Alloy: We find authors through agents, friends, and other authors in the Alloy family. Here’s a fun example: More than fifteen years ago, a close friend of mine said “I think you should meet my friend Anna Godbersen, she’s a writer.” We ended up working on the New York Times bestselling LUXE series (and now several more books) together. Anna introduced us to a friend-of-a-friend, Alexandra Bullen Coutts, who authored WISH, TUMBLE AND FALL, YOUNG WIDOWS CLUB, who then introduced us to a writer she’d met in a yoga-training seminar, Wendy Wunder. Wendy wrote two of my all-time favorite Alloy books, THE PROBABILITY OF MIRACLES and THE MUSEUM OF INTANGIBLE THINGS (and the forthcoming MYSTERIOUS WAYS) and also introduced us to a friend from her MFA program, Nicola Yoon. Nicki now famously wrote EVERYTHING, EVERYTHING and THE SUN IS ALSO A STAR. And of course she was also kind enough to say, “Hey, you guys should really meet my husband!” David Yoon then wrote the bestsellers FRANKLY IN LOVE and SUPER FAKE LOVE SONG.

Working Partners: We use several different methods. We reach out to agents and ask them whether they have any clients who might fit the bill. For very specific projects, editors might put out a call on social media to explain what we’re looking for and how to contact us. Finally, we have a database of writers who have worked with us before or have expressed interest in writing for us, and we look through that. If any writers enjoy working collaboratively and might be interested in being added to our roster, they can email us at


Is there a “try out” for potential authors? If so, can you elaborate?


Working Partners: Yes. Our audition process is two-step. First, we ask writers to write a one-chapter sample, usually no more than fifteen pages. We don’t pay for this sample, but we do provide feedback to every writer who auditions. From these samples, we choose one or more writers to complete a longer sample, roughly three chapters, that we’ll use to submit the book to publishers. We do pay writers to complete this sample, usually a few hundred dollars. If we ask more than one writer to complete this sample, we’ll decide upon receiving the samples which writer we feel is better suited for the project. Each writer will be paid the fee, and the chosen writer’s sample will be used to submit the book to publishers. 

Alloy: While every project is a bit different – many come out of a brainstorming process directly with an author with whom we have a relationship – some projects have a “sampling” process. For those projects we typically share the few paragraph-to-few page pitch and ask prospective authors to write what they envision as the first chapter for the concept. The concept is just this little seed before someone brings their voice and experience, and sometimes you can feel it taking on a life of its own from those very first pages. Other times we feel like there’s something there, but not the right match for this particular book and we’ll try something else. It’s an imprecise process, but it’s a little like having a date or two before getting married. We’ve been lucky enough to work with many of our authors over many years, and I think that’s in part due to making sure it’s really a good fit, in terms of project, process, and relationship.


Can you explain the process you go through when pitching editors?

Alloy: We typically develop a partial manuscript with an author (60-100 pages) along with an outline document for the rest of the story. With very rare exception, we represent the projects we sell to publishers, and typically submit them widely – to somewhere between 10-20 editors, depending on the project. (We have great relationships with editors at all the houses, and love working with new people, too.) We’ve been lucky enough to have some incredible auctions and preempts in the past. I personally love this part of the process! My favorite call to make is when I get to call an author and ask if they’re sitting down.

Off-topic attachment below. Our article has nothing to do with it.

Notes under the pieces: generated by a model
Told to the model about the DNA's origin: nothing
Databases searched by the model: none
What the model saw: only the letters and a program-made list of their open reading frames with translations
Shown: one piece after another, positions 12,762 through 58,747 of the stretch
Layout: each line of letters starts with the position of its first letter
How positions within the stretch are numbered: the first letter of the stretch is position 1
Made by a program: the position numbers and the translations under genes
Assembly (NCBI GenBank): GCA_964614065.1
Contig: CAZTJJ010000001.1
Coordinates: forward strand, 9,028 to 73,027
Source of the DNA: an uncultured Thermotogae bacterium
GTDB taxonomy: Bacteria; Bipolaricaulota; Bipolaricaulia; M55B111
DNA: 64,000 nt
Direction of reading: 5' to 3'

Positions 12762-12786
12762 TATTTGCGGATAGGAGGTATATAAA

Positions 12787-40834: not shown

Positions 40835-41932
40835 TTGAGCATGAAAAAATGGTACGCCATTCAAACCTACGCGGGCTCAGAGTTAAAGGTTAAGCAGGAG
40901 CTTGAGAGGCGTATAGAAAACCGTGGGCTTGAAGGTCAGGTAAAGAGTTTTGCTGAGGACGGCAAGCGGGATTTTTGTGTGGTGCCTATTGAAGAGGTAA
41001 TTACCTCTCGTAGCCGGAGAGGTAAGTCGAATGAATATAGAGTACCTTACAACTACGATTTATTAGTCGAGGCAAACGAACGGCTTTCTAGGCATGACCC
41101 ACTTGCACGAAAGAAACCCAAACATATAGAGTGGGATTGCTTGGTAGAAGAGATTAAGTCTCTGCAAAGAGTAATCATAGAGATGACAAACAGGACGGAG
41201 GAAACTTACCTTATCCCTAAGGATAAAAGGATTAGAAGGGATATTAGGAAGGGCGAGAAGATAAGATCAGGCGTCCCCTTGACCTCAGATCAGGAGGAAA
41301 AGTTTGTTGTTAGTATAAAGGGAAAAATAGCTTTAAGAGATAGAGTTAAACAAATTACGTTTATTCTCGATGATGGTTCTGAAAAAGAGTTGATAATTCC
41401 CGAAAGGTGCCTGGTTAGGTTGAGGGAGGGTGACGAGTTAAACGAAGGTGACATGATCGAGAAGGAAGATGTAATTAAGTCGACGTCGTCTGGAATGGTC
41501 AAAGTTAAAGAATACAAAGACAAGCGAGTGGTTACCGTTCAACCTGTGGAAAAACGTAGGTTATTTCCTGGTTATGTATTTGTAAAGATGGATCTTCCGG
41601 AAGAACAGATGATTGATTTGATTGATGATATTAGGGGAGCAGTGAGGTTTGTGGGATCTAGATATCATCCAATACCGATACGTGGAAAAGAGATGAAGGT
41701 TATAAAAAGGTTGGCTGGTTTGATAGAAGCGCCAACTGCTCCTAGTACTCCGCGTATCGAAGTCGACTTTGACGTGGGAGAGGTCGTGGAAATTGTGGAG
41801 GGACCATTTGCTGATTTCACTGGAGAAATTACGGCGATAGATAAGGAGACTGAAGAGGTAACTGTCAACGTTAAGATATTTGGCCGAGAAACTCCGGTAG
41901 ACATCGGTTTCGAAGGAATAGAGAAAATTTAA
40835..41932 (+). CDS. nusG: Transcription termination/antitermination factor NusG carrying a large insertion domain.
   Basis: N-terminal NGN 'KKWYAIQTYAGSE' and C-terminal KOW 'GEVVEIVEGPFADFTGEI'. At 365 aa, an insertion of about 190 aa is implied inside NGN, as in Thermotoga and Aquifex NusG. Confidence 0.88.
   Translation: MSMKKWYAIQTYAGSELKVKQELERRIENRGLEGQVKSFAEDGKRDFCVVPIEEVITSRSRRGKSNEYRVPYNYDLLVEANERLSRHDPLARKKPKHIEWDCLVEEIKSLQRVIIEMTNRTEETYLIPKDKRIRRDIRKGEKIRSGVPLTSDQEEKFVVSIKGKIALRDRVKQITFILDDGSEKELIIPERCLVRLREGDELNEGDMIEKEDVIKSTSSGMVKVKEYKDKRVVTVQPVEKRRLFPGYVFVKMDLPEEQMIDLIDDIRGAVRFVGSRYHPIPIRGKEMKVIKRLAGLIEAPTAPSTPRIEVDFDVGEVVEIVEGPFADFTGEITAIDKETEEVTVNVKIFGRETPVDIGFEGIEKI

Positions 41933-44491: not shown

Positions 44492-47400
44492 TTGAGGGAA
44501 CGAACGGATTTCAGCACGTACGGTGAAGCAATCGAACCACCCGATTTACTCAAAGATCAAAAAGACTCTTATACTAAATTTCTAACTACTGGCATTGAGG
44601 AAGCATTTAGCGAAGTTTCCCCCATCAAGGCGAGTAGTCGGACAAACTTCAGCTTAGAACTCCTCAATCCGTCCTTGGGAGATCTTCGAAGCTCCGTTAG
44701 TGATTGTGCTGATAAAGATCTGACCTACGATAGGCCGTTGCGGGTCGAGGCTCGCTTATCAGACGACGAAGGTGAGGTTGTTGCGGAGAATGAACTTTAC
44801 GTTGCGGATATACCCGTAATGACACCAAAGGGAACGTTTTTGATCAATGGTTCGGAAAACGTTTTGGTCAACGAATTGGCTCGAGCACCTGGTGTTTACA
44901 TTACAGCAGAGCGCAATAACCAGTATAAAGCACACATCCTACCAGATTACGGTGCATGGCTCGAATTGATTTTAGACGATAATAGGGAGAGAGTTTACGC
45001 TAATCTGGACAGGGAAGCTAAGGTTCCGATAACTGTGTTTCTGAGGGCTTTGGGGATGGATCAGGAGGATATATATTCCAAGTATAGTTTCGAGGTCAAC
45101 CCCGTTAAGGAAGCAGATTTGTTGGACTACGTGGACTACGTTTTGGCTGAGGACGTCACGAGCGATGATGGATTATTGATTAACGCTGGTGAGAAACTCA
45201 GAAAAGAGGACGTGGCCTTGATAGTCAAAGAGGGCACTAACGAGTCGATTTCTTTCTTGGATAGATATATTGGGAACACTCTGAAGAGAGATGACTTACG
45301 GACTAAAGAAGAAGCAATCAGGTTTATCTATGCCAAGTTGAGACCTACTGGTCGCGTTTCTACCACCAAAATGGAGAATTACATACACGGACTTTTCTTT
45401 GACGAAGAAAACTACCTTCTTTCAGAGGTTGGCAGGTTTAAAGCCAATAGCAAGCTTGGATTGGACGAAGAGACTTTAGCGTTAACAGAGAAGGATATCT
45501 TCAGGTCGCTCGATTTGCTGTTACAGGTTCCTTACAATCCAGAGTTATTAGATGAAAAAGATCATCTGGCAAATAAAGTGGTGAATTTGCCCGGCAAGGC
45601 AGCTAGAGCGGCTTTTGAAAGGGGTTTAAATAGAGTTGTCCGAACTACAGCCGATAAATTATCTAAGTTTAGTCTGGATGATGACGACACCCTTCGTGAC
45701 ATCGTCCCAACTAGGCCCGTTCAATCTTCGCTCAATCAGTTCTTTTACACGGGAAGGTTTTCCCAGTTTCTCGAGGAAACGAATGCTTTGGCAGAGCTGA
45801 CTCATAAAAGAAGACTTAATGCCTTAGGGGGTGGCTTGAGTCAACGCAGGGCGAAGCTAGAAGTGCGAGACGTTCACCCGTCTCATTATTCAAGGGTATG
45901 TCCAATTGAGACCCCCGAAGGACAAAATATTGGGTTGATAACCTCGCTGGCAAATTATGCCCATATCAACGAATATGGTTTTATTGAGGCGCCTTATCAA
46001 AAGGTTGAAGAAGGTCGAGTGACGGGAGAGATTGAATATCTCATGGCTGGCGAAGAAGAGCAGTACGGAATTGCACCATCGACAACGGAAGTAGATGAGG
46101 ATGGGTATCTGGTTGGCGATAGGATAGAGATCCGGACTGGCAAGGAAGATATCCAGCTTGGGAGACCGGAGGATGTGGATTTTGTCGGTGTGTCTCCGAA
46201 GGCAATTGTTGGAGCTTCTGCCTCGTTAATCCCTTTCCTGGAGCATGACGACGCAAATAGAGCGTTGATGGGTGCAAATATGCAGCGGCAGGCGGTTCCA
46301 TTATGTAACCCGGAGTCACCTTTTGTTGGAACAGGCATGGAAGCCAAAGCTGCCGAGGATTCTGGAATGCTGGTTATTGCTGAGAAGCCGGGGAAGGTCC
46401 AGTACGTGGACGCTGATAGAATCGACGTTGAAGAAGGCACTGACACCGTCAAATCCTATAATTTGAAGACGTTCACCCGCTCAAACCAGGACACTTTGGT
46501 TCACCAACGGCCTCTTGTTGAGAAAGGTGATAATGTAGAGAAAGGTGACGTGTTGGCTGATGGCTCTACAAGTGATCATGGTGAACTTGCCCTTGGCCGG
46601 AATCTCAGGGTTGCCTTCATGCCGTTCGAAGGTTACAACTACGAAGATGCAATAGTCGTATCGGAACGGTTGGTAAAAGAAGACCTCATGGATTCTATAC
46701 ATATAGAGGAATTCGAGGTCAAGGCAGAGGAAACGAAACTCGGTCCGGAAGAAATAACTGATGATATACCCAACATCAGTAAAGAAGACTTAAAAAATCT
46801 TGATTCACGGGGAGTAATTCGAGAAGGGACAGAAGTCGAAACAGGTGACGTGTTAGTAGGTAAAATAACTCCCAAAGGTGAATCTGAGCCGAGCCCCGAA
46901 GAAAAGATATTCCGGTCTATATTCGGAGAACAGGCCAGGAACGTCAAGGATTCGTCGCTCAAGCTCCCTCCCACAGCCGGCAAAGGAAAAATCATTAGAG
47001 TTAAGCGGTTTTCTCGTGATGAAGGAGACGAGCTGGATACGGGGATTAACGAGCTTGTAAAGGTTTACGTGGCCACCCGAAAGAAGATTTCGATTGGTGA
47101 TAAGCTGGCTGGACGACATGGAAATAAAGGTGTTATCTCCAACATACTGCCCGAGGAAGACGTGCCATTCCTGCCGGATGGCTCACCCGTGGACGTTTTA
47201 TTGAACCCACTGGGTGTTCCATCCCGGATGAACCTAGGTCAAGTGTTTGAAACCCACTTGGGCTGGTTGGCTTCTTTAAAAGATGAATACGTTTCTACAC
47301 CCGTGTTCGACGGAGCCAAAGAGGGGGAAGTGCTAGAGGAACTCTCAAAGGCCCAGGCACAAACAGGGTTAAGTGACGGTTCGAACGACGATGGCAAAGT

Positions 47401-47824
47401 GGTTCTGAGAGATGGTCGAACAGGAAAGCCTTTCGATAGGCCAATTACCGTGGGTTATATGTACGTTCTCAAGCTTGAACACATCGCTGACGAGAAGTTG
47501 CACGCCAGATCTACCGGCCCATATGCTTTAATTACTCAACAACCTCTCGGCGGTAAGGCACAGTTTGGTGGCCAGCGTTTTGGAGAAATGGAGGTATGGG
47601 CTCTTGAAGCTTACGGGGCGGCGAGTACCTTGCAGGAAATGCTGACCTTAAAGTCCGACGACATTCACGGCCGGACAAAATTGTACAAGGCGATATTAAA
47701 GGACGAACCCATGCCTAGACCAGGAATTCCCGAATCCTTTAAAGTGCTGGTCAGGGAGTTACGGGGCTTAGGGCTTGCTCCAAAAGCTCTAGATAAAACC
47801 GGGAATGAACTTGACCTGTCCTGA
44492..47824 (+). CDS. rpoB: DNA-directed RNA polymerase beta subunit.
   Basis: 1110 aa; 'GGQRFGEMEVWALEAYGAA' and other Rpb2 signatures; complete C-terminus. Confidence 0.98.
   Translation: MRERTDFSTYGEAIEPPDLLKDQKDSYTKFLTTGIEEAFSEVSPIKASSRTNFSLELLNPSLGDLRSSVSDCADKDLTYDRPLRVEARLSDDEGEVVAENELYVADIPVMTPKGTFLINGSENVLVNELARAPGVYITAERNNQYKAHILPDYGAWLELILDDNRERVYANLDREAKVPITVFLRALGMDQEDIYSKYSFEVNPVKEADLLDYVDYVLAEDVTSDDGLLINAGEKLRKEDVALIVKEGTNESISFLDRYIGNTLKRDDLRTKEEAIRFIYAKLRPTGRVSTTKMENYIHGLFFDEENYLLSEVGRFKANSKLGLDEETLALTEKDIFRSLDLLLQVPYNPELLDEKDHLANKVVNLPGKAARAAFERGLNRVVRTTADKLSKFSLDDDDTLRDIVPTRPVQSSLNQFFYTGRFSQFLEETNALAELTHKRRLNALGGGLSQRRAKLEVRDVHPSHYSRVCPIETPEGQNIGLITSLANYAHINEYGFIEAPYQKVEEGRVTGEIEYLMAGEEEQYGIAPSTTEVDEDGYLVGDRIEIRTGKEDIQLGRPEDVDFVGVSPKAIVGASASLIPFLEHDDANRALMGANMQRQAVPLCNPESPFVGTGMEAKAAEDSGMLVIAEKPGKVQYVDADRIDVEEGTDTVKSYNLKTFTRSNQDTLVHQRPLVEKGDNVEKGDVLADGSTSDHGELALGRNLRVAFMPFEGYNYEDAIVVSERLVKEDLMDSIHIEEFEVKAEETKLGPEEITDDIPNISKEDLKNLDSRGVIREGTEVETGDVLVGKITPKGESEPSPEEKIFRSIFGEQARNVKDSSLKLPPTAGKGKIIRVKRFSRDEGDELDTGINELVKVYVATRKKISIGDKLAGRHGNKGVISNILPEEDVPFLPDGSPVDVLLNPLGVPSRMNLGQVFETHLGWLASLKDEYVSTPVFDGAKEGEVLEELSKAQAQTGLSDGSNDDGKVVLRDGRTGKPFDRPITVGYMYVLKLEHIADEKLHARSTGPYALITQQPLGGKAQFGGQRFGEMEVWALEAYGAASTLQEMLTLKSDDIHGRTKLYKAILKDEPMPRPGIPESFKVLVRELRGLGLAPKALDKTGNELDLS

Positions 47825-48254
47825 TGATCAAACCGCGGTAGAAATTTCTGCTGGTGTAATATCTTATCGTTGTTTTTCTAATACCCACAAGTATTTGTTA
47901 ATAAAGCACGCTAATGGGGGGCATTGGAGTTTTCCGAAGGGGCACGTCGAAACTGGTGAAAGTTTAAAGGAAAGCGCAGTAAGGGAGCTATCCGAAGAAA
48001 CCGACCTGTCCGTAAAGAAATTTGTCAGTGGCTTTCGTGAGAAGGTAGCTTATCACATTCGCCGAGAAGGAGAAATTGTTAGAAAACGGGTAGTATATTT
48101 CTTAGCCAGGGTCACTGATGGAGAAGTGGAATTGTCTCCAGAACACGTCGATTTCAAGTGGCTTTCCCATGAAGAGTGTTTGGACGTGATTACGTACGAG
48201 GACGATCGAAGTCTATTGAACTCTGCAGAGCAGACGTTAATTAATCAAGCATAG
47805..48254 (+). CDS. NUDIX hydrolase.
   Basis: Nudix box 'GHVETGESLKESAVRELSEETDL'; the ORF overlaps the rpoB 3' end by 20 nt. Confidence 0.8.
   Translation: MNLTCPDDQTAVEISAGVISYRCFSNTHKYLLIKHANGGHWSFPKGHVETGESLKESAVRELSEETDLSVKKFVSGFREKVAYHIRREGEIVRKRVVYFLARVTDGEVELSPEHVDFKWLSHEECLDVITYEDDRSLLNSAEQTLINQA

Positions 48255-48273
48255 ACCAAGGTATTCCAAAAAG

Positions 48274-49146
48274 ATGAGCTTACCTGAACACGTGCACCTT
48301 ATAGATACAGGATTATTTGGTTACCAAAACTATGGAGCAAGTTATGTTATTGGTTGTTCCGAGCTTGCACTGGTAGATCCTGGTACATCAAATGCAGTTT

Working Partners: We have a number of contacts with editors, and we meet with them often throughout the year, pitching any projects that might be ready to submit soon. By the time a proposal is ready, we usually know which editors are interested in seeing it, and we submit it electronically. If a writer or agent has a relationship with an editor whom they think should see the proposal, we’ll consider including them, as well. 


What is the payment structure for authors? Do you pay a flat fee, or do you offer an advance against royalties?

Working Partners: We offer an advance against royalties and pay writers 10% of all book income to Working Partners. This includes international sales–our sister company, Rights People, represents our books internationally. We split our payments into a signature payment and an acceptance payment. When several books are contracted at once, we will include a confirmation payment, to be paid when a publisher confirms that they plan to publish the subsequent books. 

Alloy: With very, very rare exception we share in all profits (advance, royalties, translation, option fees) with authors according to a percentage-split that is negotiated when we begin developing the project together. Those deals are different depending on project, experience, voice, and negotiation, but in general first deals are weighted in Alloy’s favor, with future books weighted in the author’s favor. My personal favorite of all the deals is a 50/50, but I don’t always get my way! I consider this work to be a creative and business partnership, and believe transparency builds and maintains trust, which is so important to everyone doing their best work. While I don’t know the ins and outs of any other packagers’ business, I’ve heard Alloy’s deals are quite different.